Daily Press - September 16, 2013, By Robert Brauchle
HAMPTON - For more than 150 years, Fort Monroe's mission was simple and direct: protect Hampton Roads and guard the Chesapeake Bay from invasion.
State and federal officials overseeing the property are finding civilian rule comes with its own complexities.
Two years after the Army deactivated the historic post, the property's overseers are pushing a mission to win the hearts and minds of the public. Fort Monroe can become a tourist hot spot, residential waterfront community and a recreation destination - but only if planners encourage the proper growth.
"Fort Monroe is a very complicated puzzle," said John Lawson II, chairman of the Fort Monroe Authority Board of Trustees. "With more than 200 buildings and 565 acres of land, there are a lot of potential uses."
Two years have passed since the Sept. 15, 2011 Army deactivation ceremony at Fort Monroe, and 22 months have passed since the president created the National Park Service monument.
"It's a very exciting time, and it takes time to build a vision," Park Service Superintendent Kirsten Talken-Spaulding said. "So far, there's been close to two-years of visioning and talking about what is most important at Fort Monroe."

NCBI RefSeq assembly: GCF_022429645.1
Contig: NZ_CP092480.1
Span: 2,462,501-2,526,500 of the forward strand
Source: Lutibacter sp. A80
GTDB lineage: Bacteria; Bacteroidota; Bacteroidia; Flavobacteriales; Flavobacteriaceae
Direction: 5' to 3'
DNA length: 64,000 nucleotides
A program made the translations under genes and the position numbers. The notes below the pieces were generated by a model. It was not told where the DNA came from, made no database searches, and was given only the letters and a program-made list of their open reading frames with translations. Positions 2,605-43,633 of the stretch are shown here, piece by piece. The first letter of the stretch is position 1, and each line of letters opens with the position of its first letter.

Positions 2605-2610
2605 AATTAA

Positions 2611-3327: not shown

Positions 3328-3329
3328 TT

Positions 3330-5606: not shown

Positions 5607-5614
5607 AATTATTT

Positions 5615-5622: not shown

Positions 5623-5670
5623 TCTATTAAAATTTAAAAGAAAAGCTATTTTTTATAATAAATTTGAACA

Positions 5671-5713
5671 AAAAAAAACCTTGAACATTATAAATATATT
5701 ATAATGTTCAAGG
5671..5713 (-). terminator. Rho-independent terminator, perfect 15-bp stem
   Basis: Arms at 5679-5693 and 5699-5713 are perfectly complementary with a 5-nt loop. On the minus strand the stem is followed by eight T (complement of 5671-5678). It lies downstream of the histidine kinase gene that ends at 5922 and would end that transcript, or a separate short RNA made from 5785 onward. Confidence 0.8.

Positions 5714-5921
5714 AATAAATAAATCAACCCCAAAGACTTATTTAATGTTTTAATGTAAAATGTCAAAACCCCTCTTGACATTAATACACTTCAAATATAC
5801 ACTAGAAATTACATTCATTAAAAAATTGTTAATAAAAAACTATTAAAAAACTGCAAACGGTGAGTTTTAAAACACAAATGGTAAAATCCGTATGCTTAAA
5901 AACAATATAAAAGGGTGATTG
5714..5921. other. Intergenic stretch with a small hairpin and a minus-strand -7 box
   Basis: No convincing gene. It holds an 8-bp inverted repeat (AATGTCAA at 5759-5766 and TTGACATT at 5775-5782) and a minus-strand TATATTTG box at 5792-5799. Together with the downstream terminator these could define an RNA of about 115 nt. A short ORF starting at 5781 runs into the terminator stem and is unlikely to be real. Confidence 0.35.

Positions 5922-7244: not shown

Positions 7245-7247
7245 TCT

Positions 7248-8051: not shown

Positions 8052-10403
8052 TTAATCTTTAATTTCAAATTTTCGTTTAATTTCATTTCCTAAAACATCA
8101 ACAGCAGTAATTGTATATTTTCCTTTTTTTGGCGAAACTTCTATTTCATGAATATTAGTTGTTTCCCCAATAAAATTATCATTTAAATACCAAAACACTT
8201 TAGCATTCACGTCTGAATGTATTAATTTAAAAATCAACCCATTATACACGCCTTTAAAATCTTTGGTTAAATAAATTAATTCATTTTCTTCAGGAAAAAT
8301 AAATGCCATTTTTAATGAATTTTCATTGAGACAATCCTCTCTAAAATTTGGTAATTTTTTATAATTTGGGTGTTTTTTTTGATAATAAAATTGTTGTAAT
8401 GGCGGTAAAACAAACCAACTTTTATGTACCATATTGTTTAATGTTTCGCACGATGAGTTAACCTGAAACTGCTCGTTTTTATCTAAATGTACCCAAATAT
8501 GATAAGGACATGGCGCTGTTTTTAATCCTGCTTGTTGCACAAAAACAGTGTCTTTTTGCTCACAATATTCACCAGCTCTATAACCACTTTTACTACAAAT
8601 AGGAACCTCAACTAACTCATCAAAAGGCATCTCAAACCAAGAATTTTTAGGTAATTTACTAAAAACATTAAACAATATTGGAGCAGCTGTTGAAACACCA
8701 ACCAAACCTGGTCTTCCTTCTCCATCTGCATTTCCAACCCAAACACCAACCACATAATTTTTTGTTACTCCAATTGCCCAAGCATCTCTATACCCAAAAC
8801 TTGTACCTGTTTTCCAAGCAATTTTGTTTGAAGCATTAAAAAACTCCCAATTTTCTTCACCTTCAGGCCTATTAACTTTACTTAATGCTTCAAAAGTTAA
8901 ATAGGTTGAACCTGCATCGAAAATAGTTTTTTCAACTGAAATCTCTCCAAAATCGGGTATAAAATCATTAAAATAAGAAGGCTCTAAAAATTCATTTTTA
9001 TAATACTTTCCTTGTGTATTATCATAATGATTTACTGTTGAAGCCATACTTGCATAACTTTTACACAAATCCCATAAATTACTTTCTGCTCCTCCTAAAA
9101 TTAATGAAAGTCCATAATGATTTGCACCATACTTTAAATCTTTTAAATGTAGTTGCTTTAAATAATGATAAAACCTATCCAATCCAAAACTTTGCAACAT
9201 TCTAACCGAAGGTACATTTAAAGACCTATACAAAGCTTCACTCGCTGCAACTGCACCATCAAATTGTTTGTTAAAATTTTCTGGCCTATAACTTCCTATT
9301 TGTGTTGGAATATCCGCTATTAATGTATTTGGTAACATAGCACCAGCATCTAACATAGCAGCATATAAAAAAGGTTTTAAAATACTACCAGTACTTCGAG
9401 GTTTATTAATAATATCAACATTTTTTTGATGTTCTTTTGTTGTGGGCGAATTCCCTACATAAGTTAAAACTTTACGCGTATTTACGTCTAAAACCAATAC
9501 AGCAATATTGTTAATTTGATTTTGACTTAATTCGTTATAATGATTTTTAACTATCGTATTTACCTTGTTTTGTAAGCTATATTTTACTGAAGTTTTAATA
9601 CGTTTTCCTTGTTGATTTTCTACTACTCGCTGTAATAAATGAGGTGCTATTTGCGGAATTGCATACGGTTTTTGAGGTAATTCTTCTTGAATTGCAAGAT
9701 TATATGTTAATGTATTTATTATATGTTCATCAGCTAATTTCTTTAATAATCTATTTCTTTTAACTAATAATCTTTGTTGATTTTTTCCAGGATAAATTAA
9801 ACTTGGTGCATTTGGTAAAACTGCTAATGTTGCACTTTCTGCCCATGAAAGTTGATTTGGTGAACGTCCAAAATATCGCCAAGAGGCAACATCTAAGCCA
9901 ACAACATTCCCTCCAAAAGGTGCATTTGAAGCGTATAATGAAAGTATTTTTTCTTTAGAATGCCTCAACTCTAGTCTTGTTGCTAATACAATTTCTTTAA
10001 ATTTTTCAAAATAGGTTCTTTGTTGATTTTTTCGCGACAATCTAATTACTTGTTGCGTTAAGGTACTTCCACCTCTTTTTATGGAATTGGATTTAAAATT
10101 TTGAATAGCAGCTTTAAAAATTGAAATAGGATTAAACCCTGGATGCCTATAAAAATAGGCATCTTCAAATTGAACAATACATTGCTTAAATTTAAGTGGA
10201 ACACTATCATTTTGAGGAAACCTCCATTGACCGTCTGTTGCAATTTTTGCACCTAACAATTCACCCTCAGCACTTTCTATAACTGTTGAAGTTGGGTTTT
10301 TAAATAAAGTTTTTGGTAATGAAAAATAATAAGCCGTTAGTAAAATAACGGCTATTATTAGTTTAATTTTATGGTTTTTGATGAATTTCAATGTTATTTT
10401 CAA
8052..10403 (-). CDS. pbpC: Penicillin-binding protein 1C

The series of public meetings held by the park service and Fort Monroe Authority will soon begin to bear fruit as a master plan that prioritizes projects and programs. The authority's Planning Advisory Group is scheduled to review a draft master plan on Sept. 26. The park service will come out with its own draft plans this winter.
Fort Monroe Authority Executive Director Glenn Oder points to the summer concert series, Independence Day festivities and youth summer camp as significant events and activities taking place, even as planners mold the property's long-term vision.
Close to 90 percent of the available residential units and more than 100,000 square feet of commercial space are being leased, creating about $2.5 million for the authority this year.
Oder said state and federal funding will soon wane, forcing the authority to find revenue to help pay the bills.
"How do we bridge that gap?" Oder asked. "There's no silver bullet and no single way to become sustainable."
Some groups are demanding that the authority make economic decisions without compromising the property's unique character.
Keeping a close eye on Fort Monroe is the Citizens for a Fort Monroe National Park. The group has pushed for the a park-like vista to be created between the northern National Park Service monument and the stone fort in an area known as the Wherry Quarter.
The citizens group wants the national park monument to be extended through the Wherry Quarter so the fort and northern beach area are connected. The roughly 70-acre area separating the park service monument areas is now state owned.